Superheroines botch up a battle, girly chit chat in a Ladies Room, a blogger films at a local park, Australia's first male police officer suffers sexism on his first day at work and a hard-hitting rap song all about 'That Flow'.
Immediately following ABC1's broadcast of Dead Drunk: A Night In The Cross, ABC2 will screen Dead Drunk: In Discussion - a live chat about the issues raised in the program. Hosted by Triple J Hack's Tom Tilley, key characters from the documentary will join experts and stakeholders to look at the impact of New South Wales' new lockout laws and the nation-wide issue of alcohol- fuelled violence more generally.
Eliza follows the path of new age enlightenment at a spirituality retreat. Hannah seeks higher meaning through charity. They consult a reliable source on growing up - their mum - on what they learnt and how to behave.
Is Asperger's syndrome the next stage of human evolution? Professor Tony Attwood believes the "out of the box" thought processes of people on the autism spectrum will solve the world's big problems. He is credited with being the first clinical psychologist to present Asperger's syndrome not as something to be "fixed " but as a gift, evidenced in many of the great inventors and artists throughout history. Professor Attwood is highly regarded for his ability to connect with and bring out the talents of people with Asperger's. He describes himself as a translator between the "neurotypical" and Asperger's worlds. But while Professor Attwood has reached the top of his field, he reveals on Australian Story the personal cost of a missed diagnosis in his own family. Early in his career, he didn't see the signs of Asperger's in his son Will. The consequences were devastating for everyone.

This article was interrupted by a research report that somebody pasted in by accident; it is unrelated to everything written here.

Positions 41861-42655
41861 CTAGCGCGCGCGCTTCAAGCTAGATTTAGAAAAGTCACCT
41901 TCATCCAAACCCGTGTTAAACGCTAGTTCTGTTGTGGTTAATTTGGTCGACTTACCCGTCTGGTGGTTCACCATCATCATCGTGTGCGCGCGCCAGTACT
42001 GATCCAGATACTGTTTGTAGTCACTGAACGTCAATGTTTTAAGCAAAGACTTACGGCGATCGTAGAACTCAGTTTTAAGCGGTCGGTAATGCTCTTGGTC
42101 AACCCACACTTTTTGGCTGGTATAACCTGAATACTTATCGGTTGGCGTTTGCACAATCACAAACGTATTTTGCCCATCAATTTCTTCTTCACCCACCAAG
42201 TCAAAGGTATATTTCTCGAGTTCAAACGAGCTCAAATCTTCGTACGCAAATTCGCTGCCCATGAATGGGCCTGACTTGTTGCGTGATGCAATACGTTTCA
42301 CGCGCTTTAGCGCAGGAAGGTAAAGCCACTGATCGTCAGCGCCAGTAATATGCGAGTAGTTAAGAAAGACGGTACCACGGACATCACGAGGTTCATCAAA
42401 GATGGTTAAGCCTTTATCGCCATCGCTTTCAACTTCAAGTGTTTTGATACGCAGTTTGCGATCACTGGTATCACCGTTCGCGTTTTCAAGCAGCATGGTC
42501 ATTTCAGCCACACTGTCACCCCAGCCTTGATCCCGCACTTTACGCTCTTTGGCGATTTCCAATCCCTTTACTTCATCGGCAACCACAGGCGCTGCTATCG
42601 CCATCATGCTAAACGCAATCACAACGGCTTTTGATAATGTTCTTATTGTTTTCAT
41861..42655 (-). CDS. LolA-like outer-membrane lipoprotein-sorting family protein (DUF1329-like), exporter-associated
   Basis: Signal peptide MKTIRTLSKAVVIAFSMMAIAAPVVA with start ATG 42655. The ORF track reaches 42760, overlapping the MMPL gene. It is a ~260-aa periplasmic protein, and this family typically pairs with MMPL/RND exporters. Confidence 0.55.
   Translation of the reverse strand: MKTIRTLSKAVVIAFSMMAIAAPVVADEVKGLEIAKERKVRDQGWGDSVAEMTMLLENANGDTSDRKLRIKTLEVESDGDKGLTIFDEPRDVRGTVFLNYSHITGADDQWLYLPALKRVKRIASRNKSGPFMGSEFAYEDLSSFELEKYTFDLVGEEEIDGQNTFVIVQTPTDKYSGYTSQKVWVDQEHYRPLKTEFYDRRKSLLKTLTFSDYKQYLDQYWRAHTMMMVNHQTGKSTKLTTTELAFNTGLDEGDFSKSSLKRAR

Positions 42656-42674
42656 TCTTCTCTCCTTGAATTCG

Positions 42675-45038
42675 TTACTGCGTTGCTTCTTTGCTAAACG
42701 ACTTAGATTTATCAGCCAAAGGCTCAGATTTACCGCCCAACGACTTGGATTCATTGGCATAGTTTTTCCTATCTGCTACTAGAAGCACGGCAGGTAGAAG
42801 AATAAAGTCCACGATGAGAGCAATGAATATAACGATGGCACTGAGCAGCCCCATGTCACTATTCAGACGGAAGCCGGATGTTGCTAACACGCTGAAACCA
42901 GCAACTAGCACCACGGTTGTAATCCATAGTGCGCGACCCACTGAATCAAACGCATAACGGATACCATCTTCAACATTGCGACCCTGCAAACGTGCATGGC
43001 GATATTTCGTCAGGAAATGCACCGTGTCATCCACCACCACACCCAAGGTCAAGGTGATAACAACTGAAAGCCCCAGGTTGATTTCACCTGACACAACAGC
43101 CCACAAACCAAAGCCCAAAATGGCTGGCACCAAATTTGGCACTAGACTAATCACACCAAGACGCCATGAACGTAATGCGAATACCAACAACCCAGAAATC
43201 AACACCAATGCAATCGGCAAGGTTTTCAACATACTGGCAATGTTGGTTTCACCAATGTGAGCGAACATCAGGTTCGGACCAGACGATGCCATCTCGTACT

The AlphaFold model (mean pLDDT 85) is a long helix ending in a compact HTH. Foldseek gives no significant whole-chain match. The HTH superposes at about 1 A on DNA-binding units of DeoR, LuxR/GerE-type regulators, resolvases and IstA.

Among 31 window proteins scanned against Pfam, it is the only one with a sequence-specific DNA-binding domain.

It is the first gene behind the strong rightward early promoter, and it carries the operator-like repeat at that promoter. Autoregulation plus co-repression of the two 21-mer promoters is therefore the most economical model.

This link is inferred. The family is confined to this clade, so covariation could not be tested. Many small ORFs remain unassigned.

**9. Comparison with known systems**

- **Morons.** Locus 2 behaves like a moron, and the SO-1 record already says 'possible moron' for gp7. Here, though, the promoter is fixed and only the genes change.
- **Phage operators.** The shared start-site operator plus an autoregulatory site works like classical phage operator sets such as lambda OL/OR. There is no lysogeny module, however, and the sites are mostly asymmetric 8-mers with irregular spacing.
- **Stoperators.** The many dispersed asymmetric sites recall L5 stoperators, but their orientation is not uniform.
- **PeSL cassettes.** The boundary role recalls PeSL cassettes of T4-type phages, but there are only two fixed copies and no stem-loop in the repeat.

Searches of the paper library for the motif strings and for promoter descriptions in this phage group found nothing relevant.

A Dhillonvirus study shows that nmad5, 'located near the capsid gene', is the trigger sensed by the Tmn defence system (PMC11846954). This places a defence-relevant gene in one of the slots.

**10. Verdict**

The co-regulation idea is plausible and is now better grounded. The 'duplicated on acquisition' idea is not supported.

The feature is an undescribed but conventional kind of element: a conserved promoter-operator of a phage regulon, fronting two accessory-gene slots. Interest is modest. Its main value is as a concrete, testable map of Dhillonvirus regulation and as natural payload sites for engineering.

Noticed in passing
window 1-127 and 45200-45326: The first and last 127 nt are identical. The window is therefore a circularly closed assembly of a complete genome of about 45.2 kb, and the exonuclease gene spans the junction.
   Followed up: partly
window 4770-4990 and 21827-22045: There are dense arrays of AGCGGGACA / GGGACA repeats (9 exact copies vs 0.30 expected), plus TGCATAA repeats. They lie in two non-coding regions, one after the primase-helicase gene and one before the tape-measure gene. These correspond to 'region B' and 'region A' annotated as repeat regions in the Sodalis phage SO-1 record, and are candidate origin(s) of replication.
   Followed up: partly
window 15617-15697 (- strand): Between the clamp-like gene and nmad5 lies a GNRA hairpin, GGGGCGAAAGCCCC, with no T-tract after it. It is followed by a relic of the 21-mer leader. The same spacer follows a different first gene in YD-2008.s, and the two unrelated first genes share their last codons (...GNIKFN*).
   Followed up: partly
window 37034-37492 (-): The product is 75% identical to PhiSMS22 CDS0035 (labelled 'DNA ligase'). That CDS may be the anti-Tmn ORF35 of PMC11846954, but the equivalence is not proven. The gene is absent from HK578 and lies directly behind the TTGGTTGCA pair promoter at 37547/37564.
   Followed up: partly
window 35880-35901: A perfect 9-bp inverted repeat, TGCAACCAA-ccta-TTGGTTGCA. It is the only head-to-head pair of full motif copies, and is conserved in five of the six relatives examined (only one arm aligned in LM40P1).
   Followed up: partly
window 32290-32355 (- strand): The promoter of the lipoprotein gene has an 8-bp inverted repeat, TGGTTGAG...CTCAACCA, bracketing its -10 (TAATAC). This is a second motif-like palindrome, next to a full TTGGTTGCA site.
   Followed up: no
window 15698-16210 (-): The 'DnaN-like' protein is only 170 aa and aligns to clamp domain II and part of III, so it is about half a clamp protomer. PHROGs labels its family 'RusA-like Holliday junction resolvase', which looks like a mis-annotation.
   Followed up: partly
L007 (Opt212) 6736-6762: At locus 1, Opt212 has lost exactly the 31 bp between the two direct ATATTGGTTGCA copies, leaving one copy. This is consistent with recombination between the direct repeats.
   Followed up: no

Sydney-born woman Justine Damond Ruszczyk was living in Minneapolis and weeks away from her wedding when she was shot dead by a US police officer in shocking circumstances that are yet to be explained.
When scientist Jim Bowler saw a human skeleton emerging from the sandhills of the remote Willandra Lakes in 1974, he had no idea his chance discovery would radically rewrite Australian history. The full excavation revealed a complete skeleton covered in red ochre and in astonishingly good condition. Scientists would date Mungo Man at around 42,000 years old, pushing back the known date of human occupation in Australia by thousands of years. But for Mungo Man's traditional owners, the Mutthi Mutthi, Ngiyampaa and Paakantyi/Barkandji peoples, his discovery and removal to Canberra was a deep source of upset. When his remains were finally returned to country late last year it was an emotional homecoming for all, including Jim Bowler.